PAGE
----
It went almost unnoticed, but the Obama presidency reached a potentially defining moment over the last few days -- and not in a good way.
"Remember during the campaign when John McCain attacked Obama for acting like a celebrity and we all laughed at the grumpy old shell-shocked fool? Well, it turns out he was right. It's getting so you can't turn on your TV without seeing Obama. Who does he think he is -- Dick Cheney?....Selling the personal part to stay popular? I'm all for it. But, hey, you got us already -- we like you. We really, really like you! You're skinny and in a hurry and in love with a nice lady. But, so's Lindsay Lohan.
"And just like Lindsay, we see your name in the paper a lot, but we're kind of wondering when you're going to actually do something...This is why I don't want my president to be a TV star, because TV stars are too worried about being popular -- and too concerned with getting renewed. If you can't shove some real reform down [the throats of Republicans] now, when can you?....
"I never thought I'd say this, but actually what he needs in his personality is a little George Bush. He needs to stop worrying about being loved and bring out that smug insufferable swagger ... We need to marry the good ideas that Barack Obama has with a little bit of that Bush attitude, that certitude. ... I'm glad Obama is president, but the audacity of hope part is over. Right now, I'm hoping for a little more audacity."
U.S. & World
Mixed in there are examples of where Maher feels that Obama hasn't pushed enough on either health care, the banks or global warming. Maher's argument is as much stylistic as it is programmatic. He thinks Obama is more interested in being president than doing the tough things that a president is supposed to do.
Maher's not a completely conventional liberal, so it would be easy to dismiss his critique.
But he's not alone on the left: Salon writer Glenn Greenwald has been strongly criticizing the administration for what Greenwald sees as a real failure to dismantle Bush policies on torture and civil liberties:
The speech [on closing Guantanamo Bay] was fairly representative of what Obama typically does: effectively defend some important ideals in a uniquely persuasive way and advocating some policies that promote those ideals (closing Guantanamo, banning torture tactics, limiting the state secrets privilege) while committing to many which plainly violate them (indefinite preventive detention schemes, military commissions, denial of habeas rights to Bagram abductees, concealing torture evidence, blocking judicial review on secrecy grounds). Like all political officials, Obama should be judged based on his actions and decisions, not his words and alleged intentions and motives. Those actions in the civil liberties realm, with some exceptions, have been profoundly at odds with his claimed principles, and this speech hasn't changed that.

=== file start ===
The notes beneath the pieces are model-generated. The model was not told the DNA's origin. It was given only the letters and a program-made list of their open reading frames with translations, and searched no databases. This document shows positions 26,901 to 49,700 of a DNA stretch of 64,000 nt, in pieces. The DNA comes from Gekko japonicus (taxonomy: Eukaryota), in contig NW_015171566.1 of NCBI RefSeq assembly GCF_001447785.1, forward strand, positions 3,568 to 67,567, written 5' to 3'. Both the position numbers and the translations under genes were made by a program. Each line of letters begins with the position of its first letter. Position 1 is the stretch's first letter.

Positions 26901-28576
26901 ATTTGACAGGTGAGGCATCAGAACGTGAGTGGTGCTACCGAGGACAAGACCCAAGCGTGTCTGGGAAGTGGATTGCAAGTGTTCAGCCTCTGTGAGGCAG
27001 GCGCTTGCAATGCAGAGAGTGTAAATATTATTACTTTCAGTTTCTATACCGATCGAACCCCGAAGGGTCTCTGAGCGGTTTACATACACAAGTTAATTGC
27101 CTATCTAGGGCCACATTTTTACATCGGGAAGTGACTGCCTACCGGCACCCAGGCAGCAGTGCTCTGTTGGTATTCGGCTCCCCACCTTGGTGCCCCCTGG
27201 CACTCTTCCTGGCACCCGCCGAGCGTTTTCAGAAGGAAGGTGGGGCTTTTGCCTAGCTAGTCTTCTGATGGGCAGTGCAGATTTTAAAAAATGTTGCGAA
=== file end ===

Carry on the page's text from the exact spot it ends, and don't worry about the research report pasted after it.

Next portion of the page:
If Greenwald were clearly frustrated and disappointed by the distance between Obama's words and deeds, cartoonist and author Ted Rall was apoplectic. In a column earlier this month, he suggested the 'R' word -- resignation:
Obama is useless. Worse than that, he's dangerous. Which is why, if he has any patriotism left after the thousands of meetings he has sat through with corporate contributors, blood-sucking lobbyists and corrupt politicians, he ought to step down now--before he drags us further into the abyss.
I refer here to Obama's plan for "preventive detentions." If a cop or other government official thinks you might want to commit a crime someday, you could be held in "prolonged detention." Reports in U.S. state-controlled media imply that Obama's shocking new policy would only apply to Islamic terrorists (or, in this case, wannabe Islamic terrorists, and also kinda-sorta-maybe-thinking-about-terrorism dudes). As if that made it OK.
In practice, Obama wants to let government goons snatch you, me and anyone else they deem annoying off the street.
He's not kidding. One or two voices of this nature are fine. But, the tone -- and the early nature of this sense of disappointment on the left is rather startling.
And it can only grow. Aside from individual commentators, Obama has also angered one whole part of his base: The president isn't merely not rushing to deal with gays in the military by lifting "don't ask, don't tell," he's also gone to court to defend the federal Defense of Marriage Act which defines marriage as solely between a man and a woman. This isn't just a flip-flop: Obama had pledged to repeal DOMA. Instead, his Justice Department is defending DOMA in ways that Obama's gay and liberal supporters find appalling:
The brief then proceeds to defend DOMA “on the merits” – using language that is factually incorrect, and arguments that (if adopted by the courts) would damage future attempts to secure gay rights ... and they cited prior cases of out-of-state marriages that were between (a) an uncle and niece, (b) a 16-year-old and adult and (c) first cousins. Comparing same-sex marriage with incest and pedophilia is what one would expect from a Republican Administration, and for a court to agree with such reasoning is unhelpful.
Another strong Obama supporter -- Andrew Sullivan -- was infuriated to learn that a conservative Bush administration holdover in the Justice Department was one of the authors of the DOMA brief.
All of this is in the wake of other cases of Obama either defending or extending Bush-era policies related to the war on terror.
Obama's overall popularity is still high, so he doesn't have to panic. However, unless he gets a couple of clear-cut policy wins that show him going to the mat on some principle, those numbers will drop -- and could free-fall if the left feels he's not willing to stand by their values.
Robert A. George is a New York writer. He blogs at Ragged Thots.